Don't let it get away!
Keep track of the stocks that matter to you.
Help yourself with the Fool's FREE and easy new watchlist service today.
Investing is a marathon, not a sprint. If you understand the fundamental factors that drive margins and profits, then you can gain an advantage over shortsighted traders. Right now such a situation is shaping up in the oil and gas industry. Over the next two to three years new infrastructure is going to boost the margins of many smaller producers and hurt many refiners.
New pipelines galore
Through fancy permit schemes Enbridge has already started work on its Flanagan South Pipeline, which will have initial capacity of 600,000 barrels of oil per day (bpd). The project will help bring more crude from the Midwest down to refineries. The company has also proposed the Sandpiper project from North Dakota to Wisconsin and recently increased its Bakken export capacity to 415,000 bpd. There is so much new capacity coming online that some firms have cancelled new pipeline plans due to a lack of producer interest.
The biggest beneficiaries of new pipeline capacity are smaller exploration and production firms in North Dakota's Bakken region. Their margins will expand as they pay less to bring their oil to market. Some new pipelines are being built eastward, giving producers like Kodiak Oil & Gas (NYSE: KOG ) the ability to sell oil closer to lucrative international prices.
Kodiak expects to produce around 30 Mboepd (thousand barrels of oil equivalent per day) to 34 Mboepd in 2013. The company is a great way to play North America's increasing midstream capacity due to its heavy concentration in the Bakken. The company continues to drive down costs and improve its operations. From 2011 to 2012 it managed to shave off seven days from its average drilling time per well. Based on recent numbers, its quarterly cash margin has increased year over year from $54.59 per barrel of oil equivalent to $61.15. Increased margins from new pipeline capacity is only icing on the cake.
Continental Resources (NYSE: CLR ) is a bigger producer than Kodiak, but it is nowhere near the size of multinationals like Shell. Continental produced 135.7 Mboepd in the second quarter of 2013. The majority of its production came from the Bakken, but it is also exploring in Oklahoma's SCOOP field. This field is not as developed as the Bakken, and the company is figuring out where the best place is to drill to produce more crude oil and less natural gas.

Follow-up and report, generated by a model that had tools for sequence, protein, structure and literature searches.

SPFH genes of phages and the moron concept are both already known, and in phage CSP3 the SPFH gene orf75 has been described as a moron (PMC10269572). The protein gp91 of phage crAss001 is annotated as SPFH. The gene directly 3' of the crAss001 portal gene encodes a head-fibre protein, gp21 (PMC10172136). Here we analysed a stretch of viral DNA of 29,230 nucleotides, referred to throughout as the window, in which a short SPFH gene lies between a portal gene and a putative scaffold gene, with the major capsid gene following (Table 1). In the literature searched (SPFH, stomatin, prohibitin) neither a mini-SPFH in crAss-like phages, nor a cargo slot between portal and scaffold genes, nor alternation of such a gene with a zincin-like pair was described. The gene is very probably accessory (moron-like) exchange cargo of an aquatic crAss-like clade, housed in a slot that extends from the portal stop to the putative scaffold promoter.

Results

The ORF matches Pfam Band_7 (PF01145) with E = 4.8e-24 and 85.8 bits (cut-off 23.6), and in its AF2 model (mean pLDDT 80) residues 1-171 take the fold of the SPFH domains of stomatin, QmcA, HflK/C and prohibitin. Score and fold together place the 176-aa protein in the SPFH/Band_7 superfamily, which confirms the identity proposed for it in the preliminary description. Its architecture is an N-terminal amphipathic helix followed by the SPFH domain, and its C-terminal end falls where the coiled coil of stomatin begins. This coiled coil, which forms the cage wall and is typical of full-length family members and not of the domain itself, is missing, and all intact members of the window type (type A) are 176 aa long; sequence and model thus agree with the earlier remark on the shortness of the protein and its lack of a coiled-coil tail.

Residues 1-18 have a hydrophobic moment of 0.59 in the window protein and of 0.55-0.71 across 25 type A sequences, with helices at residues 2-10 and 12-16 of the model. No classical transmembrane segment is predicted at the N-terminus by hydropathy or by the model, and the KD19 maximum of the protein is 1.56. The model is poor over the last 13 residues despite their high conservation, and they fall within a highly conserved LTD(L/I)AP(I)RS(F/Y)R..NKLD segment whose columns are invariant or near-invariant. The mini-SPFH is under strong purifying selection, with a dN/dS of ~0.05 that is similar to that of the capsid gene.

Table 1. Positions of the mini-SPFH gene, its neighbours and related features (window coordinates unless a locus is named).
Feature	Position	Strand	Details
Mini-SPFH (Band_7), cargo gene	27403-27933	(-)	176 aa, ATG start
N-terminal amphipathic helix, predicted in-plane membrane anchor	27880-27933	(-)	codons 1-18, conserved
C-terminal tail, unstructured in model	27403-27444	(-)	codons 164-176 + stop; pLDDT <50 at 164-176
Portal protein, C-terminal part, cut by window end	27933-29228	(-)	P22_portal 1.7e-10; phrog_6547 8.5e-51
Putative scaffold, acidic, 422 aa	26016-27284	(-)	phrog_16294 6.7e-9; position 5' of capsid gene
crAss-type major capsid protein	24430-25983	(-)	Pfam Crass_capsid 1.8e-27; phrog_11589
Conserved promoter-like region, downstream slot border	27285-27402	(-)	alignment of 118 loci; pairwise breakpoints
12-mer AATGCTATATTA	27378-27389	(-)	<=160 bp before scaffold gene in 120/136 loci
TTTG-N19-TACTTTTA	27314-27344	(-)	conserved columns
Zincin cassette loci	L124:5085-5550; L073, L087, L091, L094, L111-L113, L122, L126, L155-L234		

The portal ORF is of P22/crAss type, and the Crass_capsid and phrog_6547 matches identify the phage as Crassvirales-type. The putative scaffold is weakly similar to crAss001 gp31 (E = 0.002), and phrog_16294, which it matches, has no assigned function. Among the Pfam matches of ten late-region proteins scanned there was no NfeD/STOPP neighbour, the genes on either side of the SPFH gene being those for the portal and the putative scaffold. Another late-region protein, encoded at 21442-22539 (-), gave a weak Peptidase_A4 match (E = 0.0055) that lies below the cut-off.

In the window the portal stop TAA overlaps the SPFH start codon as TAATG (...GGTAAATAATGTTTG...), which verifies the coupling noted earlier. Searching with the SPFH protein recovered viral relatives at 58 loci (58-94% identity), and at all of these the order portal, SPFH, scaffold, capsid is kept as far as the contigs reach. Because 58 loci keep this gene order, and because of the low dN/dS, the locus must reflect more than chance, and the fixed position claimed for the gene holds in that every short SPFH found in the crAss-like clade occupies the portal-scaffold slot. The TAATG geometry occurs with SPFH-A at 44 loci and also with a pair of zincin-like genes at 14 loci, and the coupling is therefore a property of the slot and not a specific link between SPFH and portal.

In 2013, the company expects to pay just $5.20 to $6.00 per Boe in production expenses. Just like Kodiak, falling inventories in Oklahoma and new pipelines heading out of the Midwest will boost how much Continental makes on every barrel of oil.
Every story has two sides, and this one is no different. While exploration and production firms will see their margins rise over the next two years, many refiners face the opposite trend. The U.S. does not allow for raw crude exports, so refiners have been making a pretty penny by buying cheap American oil and selling refined products internationally.
HollyFrontier (NYSE: HFC ) has played the market very well with refineries in Wyoming, Kansas, Oklahoma, Utah and New Mexico. In the coming years the placement of its refineries close to shale producers will continue to be an advantage for the company, but expect its margins to fall. The above chart shows how its operating margin follows the Brent WTI spread very closely, and there is no reason for the relation to break down.
HollyFrontier's balance sheet is healthy with a total debt to equity ratio of 0.16. It is highly unlikely that falling margins would bankrupt the company, but it is likely that its special dividends and any future share repurchase programs will be scaled back.
While the majority of refiners are looking at painful years ahead, Tesoro (NYSE: TSO ) is a different story. It has refineries in Alaska, North Dakota, Utah, Washington, California and Hawaii. The company has a relativity difficult time acquiring substantial supplies of cheap Midwest oil.
In 2012, 55% of Tesoro's Washington refinery's input was expensive Alaskan North Slope, or ANS, crude. Thanks to improved rail links and better transportation from Canada and the Bakken, the refiner hopes to replace a significant portion of ANS with cheaper Midwest crude. While many refinery dividends have questionable futures, Tesoro's 2.1% yield is a different story thanks to future changes in its crude oil consumption.
Right now infrastructure is being built that will boost Bakken drillers like Continental and Kodiak and bring down the margins of Midwest refiners like HollyFrontier. It would be tempting to simply downgrade Tesoro with the rest of the refining industry, but it is just starting to take advantage of cheaper crude. Fundamental changes are reshaping the industry, and this is a great time to reshuffle your portfolio or watchlist.
Think the days of $100 oil are gone? Think again. In fact, the market is heading in that direction now. But for investors that are positioned to profit from the return of $100 oil, it can't come soon enough. To help investors get rich off of rising oil prices, our top analysts prepared a free report that reveals three stocks that are bound to soar as oil prices climb higher. To discover the identities of these stocks instantly, access your free report by clicking here now.